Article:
Digital maturity differs from industry to industry

The companies analyzed represent a wide spectrum of industries. Are there any differences between industries in terms of their digital maturity?

Digital maturity by industry

Telecoms, Media and Technology are the predictable leaders in digitalization, followed by Banking, Insurance, Power & Utilities and Oil & Gas. Maybe a bit surprisingly to the casual online shopper, consumer goods and retail are well below the overall average score across all industries, while healthcare & life sciences and industrial manufacturing bring up the rear.

The difference in digital maturity between different industries does not mean that the more advanced industries are better than the less advanced. It simply means that the industries are at a different point in their digitalization journey and that some industries may be inherently more suitable for digitalization. Having said that, a digitally less advanced industry may be more susceptible to competition originating from outside the industry, e.g. technology companies entering into the payment business (Apple Pay), or platforms disrupting travel & transportation businesses (Uber, Airbnb) or taking a slice of the restaurant business (DoorDash, Foodora, Uber Eats).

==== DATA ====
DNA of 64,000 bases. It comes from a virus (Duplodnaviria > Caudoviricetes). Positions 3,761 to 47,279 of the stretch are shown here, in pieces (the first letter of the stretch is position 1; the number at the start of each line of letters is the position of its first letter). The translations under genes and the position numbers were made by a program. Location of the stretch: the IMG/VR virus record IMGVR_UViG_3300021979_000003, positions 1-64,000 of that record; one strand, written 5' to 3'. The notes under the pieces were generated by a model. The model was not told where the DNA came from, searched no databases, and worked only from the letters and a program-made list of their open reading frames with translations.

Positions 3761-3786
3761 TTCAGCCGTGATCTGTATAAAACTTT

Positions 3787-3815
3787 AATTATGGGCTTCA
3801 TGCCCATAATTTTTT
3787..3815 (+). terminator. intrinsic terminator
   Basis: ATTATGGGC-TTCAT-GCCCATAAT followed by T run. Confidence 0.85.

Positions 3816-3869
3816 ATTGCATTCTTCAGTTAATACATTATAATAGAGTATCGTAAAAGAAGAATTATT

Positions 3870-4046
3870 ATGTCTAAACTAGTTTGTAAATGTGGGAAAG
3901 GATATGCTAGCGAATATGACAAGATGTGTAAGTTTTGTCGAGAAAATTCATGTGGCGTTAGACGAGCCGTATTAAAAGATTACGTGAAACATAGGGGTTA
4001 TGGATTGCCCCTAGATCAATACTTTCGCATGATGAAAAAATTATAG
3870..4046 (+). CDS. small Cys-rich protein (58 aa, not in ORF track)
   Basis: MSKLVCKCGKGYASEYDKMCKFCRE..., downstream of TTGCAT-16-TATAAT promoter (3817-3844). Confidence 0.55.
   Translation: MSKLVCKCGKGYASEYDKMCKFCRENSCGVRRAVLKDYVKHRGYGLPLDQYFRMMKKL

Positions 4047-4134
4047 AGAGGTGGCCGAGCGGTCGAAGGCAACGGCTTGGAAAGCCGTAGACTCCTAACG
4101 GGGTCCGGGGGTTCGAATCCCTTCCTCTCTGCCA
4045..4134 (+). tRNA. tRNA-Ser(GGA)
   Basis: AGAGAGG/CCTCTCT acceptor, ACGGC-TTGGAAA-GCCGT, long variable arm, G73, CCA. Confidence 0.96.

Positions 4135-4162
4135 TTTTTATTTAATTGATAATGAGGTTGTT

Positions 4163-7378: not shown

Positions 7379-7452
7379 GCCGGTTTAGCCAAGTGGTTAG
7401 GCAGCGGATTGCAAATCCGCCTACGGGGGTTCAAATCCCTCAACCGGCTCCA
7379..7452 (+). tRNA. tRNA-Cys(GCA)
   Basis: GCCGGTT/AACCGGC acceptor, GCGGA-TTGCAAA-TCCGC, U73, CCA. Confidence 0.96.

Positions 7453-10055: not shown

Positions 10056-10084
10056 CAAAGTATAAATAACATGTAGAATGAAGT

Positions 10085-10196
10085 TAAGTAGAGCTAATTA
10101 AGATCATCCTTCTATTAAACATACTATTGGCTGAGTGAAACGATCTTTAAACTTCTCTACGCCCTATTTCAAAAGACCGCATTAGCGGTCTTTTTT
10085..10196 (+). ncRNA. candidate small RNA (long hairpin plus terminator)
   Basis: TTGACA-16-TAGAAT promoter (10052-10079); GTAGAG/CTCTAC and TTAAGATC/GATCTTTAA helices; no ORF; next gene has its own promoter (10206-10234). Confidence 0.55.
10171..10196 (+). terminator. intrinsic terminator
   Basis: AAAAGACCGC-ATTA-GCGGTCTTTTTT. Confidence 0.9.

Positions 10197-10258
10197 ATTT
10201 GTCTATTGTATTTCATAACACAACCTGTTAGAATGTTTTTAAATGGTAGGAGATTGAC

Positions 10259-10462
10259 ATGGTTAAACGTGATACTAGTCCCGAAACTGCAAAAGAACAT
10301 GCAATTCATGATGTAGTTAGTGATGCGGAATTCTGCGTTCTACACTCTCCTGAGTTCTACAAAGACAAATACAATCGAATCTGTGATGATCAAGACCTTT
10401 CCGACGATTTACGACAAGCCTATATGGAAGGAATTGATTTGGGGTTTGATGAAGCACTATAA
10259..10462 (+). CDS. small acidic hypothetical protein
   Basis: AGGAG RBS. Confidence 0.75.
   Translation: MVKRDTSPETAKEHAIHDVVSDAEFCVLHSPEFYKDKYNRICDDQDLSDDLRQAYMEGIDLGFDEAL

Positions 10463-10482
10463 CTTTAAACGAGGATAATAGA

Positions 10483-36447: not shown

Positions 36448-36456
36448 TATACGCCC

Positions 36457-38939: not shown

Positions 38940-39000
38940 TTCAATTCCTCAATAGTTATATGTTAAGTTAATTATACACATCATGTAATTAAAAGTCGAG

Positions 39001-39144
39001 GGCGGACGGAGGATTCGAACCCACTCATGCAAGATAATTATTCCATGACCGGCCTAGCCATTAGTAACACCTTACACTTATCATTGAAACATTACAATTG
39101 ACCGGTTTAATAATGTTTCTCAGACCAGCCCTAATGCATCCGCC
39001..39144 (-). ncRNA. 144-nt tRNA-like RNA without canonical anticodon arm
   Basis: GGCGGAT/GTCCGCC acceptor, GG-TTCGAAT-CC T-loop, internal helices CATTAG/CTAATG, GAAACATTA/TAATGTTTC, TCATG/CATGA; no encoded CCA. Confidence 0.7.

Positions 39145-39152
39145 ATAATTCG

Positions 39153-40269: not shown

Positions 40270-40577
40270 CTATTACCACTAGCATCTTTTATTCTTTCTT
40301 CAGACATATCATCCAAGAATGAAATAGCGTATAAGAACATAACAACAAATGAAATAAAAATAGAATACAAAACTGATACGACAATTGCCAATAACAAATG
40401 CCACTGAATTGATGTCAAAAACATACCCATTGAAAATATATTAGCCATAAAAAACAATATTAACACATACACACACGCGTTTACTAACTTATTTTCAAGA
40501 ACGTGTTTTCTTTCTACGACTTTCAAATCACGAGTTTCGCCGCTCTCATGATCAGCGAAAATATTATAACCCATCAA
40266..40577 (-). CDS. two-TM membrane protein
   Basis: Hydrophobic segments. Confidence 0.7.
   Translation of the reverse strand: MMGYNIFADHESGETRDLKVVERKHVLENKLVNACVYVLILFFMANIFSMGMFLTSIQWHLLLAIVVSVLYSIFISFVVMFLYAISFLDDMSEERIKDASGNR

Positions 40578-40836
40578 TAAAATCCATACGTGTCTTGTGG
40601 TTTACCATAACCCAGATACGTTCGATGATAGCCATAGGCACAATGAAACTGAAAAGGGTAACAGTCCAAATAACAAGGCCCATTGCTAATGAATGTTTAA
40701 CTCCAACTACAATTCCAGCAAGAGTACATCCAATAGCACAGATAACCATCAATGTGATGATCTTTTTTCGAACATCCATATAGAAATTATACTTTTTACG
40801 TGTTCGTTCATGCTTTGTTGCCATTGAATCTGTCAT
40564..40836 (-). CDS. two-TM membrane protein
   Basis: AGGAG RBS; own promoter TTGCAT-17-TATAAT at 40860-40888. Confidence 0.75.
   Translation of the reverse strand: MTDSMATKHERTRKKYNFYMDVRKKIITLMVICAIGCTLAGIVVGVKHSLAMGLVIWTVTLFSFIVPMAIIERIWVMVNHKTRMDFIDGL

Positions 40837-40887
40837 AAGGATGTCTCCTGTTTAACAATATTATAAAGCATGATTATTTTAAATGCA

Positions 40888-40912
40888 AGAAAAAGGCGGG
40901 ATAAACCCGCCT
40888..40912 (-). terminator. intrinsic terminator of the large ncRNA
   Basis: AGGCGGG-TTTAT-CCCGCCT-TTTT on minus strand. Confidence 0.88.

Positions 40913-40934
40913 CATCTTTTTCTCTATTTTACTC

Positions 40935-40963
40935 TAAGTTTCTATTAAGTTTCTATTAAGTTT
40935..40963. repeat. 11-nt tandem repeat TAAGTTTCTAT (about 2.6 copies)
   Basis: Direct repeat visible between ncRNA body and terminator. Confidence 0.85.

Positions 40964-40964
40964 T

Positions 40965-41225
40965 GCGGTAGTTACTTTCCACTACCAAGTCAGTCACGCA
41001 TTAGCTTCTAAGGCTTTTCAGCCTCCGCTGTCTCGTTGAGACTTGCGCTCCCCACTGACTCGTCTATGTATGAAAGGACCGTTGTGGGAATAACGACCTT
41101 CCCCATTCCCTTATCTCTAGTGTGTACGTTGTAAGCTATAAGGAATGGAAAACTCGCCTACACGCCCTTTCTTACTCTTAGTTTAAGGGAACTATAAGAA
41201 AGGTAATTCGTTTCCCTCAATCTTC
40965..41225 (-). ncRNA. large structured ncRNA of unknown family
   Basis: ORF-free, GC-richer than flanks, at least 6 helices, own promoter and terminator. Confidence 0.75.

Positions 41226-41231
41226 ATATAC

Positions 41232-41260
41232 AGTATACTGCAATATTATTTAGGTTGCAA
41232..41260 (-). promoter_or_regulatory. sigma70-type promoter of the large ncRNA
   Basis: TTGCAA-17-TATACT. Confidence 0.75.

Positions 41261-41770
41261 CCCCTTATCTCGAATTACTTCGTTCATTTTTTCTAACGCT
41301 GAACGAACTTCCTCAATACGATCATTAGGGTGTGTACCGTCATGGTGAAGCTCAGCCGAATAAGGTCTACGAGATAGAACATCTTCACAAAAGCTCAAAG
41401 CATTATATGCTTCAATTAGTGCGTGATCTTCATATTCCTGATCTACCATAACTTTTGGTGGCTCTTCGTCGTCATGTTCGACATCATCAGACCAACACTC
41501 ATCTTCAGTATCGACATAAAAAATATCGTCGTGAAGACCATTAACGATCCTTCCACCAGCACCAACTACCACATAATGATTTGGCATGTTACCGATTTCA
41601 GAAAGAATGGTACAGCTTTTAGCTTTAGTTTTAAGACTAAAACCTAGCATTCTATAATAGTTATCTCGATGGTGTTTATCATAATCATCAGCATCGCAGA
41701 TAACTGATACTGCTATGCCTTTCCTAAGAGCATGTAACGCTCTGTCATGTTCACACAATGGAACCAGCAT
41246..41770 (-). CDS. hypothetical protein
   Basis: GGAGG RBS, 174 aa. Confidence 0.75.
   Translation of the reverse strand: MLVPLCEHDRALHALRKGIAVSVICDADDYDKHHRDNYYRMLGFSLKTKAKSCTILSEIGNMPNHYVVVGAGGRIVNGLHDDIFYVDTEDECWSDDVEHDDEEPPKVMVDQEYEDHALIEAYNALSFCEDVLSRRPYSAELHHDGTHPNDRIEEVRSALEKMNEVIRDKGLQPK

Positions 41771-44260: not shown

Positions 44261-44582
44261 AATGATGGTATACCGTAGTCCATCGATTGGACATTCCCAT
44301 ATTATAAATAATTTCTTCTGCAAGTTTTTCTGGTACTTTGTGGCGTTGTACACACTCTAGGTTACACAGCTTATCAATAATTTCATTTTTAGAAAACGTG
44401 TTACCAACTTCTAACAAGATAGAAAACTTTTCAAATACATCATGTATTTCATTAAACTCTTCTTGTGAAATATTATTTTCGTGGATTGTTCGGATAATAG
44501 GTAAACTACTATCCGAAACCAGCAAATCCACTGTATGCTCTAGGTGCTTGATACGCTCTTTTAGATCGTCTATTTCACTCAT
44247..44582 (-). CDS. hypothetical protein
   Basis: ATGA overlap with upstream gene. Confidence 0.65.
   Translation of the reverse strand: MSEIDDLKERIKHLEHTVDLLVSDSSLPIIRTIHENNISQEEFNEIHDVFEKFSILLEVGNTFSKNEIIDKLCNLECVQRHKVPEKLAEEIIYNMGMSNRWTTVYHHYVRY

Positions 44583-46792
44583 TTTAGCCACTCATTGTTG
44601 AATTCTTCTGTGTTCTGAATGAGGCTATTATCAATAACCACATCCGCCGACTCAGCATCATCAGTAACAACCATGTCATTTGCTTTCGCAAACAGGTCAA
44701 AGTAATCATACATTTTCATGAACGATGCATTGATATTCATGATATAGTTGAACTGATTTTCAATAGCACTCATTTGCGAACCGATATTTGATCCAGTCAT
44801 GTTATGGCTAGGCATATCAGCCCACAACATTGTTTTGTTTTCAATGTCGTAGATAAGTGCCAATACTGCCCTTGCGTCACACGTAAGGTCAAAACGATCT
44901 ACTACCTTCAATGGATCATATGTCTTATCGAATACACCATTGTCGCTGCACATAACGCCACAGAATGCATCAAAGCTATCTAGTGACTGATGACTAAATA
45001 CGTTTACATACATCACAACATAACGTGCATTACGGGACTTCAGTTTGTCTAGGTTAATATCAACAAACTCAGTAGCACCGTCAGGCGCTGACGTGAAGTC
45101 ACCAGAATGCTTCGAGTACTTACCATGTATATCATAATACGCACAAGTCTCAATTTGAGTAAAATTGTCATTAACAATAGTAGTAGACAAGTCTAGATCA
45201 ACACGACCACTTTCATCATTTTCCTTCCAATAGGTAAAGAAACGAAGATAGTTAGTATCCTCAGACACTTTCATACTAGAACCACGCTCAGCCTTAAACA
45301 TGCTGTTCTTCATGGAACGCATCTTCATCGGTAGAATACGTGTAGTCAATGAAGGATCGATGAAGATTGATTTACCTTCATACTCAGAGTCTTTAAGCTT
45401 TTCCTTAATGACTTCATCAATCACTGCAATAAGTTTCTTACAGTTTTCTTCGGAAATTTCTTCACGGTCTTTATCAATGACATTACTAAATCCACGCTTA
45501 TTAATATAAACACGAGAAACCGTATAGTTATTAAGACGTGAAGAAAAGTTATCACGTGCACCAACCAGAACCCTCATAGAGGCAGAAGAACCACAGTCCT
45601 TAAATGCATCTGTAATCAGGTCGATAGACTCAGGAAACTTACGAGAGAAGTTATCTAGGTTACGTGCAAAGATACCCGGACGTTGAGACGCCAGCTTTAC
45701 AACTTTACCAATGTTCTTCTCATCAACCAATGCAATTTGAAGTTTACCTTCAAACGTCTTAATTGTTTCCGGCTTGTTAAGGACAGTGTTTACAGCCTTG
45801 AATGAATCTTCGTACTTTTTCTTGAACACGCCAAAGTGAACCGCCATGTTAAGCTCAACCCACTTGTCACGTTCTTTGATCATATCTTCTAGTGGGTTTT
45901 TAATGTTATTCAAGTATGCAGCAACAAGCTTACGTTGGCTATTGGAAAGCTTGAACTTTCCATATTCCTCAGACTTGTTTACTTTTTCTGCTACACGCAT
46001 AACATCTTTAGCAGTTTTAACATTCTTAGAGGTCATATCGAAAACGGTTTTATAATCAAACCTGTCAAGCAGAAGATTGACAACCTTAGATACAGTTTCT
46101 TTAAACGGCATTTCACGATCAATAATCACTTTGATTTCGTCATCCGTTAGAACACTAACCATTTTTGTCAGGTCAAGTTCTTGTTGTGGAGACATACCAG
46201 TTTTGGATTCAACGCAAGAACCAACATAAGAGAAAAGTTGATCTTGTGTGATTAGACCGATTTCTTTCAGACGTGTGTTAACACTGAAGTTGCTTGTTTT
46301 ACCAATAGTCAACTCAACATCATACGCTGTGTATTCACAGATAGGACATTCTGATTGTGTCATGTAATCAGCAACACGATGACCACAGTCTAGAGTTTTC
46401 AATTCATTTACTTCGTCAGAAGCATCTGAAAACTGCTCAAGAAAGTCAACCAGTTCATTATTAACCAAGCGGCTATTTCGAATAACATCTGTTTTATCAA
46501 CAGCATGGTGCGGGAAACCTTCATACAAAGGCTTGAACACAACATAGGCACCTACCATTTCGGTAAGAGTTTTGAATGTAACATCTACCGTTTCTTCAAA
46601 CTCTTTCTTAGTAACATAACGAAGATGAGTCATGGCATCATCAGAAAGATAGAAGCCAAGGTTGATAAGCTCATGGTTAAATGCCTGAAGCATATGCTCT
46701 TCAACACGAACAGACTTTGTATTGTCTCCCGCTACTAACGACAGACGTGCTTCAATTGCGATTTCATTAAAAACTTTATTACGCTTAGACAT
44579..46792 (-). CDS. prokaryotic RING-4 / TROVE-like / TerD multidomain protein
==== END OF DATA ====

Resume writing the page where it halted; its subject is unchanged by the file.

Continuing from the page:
Value of digital maturity

What, then, is the financial value of digital maturity to a company? Our analysis shows a clear correlation between a company’s digital maturity and its performance against a number of key performance indicators.

According to our analysis, digitally advanced companies achieve 4.3 times the revenue growth, 5.6 times the market share increase and 4.4 times the profitability growth of their digitally immature peers. Their time to market is less than a third and their customer churn is less than a half. In addition, digitally advanced companies use digital technologies to improve their internal operations, achieving 17% higher operational efficiency improvements.

Revenue/income increase

Invest wisely, learn to let go

Even though estimating the business case for a digital investment opportunity may be difficult, it’s still not wise to start throwing money indiscriminately at digital. The digital leaders follow a fail fast approach; they are ready to quickly let go of the opportunity after the proof of concept, or even before, if the investment doesn’t seem to have enough potential. As a result, they get more opportunities through their innovation funnels without using more money, and consequently get a better return on their investments. Whereas digitally immature companies require, on average, a 16 % return on digital investments, digitally advanced companies aim for more than 23 %.